Another characteristic of the changing retail landscape is seamless, omnichannel payments. Consumers expect to be able to pay on any channel – and for the merchant to remember them as they engage on different channels. Accenture’s Personalization Pulse Check reports that, even before the pandemic, consumers are more prone to shop with businesses that recognize them and personalize service.

Furthermore, you need to recognize that mobile commerce (m-commerce) exceeds the number of purchases that consumers make from PCs. A smart strategy is to leverage smartphone features, such as Bluetooth, location, camera/scanner, and SMS to enhance experiences for omnichannel shoppers.

Payment data can provide the link to recognizing and remembering customers, learning their behaviors and preferences, and delivering the convenience and personalization they demand.

Secure Payments

Although merchants are reimagining their operations to provide consumers with the experiences they demand, they must also prioritize security. With each new tech solution that they implement, merchants must also deploy security to protect payment and customer data, such as point-to-point encryption (P2PE) that encrypts data so that it’s not human-readable – or monetizable if it falls into the wrong hands.

Additionally, some payment solutions are inherently more secure than others. For example, contactless payments, whether via card or mobile wallet, use the same infrastructure as EMV payments and, like EMV, generates a unique code with each transaction, authenticating the payment.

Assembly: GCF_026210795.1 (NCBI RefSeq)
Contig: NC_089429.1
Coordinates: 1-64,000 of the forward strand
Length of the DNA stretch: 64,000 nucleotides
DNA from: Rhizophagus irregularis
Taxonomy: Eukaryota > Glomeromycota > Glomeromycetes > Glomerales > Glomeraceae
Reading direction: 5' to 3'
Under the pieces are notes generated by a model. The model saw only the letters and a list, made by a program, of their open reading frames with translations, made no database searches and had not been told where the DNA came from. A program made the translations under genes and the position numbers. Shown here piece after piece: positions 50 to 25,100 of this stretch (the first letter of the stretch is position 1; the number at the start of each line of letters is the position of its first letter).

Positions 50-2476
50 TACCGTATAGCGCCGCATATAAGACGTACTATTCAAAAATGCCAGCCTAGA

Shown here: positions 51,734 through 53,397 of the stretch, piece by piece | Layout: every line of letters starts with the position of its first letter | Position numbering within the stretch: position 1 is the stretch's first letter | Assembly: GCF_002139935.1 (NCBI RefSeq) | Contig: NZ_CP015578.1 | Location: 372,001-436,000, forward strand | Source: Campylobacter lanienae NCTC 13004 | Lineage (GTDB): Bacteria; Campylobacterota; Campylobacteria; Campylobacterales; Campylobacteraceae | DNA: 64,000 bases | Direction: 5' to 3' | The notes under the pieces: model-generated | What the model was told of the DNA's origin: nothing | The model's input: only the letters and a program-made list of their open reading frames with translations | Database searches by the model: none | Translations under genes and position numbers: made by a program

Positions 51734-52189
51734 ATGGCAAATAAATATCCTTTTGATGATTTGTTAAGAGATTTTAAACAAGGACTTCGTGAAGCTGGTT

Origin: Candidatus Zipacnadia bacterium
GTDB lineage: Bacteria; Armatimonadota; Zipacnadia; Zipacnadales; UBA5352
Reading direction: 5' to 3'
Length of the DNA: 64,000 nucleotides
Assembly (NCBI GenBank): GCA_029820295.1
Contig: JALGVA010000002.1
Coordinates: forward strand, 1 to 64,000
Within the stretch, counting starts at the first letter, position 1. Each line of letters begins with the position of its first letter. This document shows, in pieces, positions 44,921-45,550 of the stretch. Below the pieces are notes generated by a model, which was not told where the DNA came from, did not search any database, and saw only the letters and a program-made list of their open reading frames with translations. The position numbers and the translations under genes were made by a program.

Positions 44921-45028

A Changing Retail Landscape (for the Better)

Although small and medium-sized businesses (SMBs) might always operate from a brick-and-mortar-first position, they and their larger competitors can’t ignore the reality that many consumers are first discovering them online.

If omnichannel payments were a lifeline through last year’s shutdowns and changing business models, it’s now the bedrock of continued success. In a changing retail landscape, business owners must be ready to pivot along with an ever-evolving consumer, and a full-commerce platform is key to making it happen.

Bernadette Wilson

Bernadette Wilson, a DevPro Journal contributor, has 19 years of experience as a journalist, writer, editor, and B2B marketer.

Bernadette Wilson

Bernadette Wilson, a DevPro Journal contributor, has 19 years of experience as a journalist, writer, editor, and B2B marketer.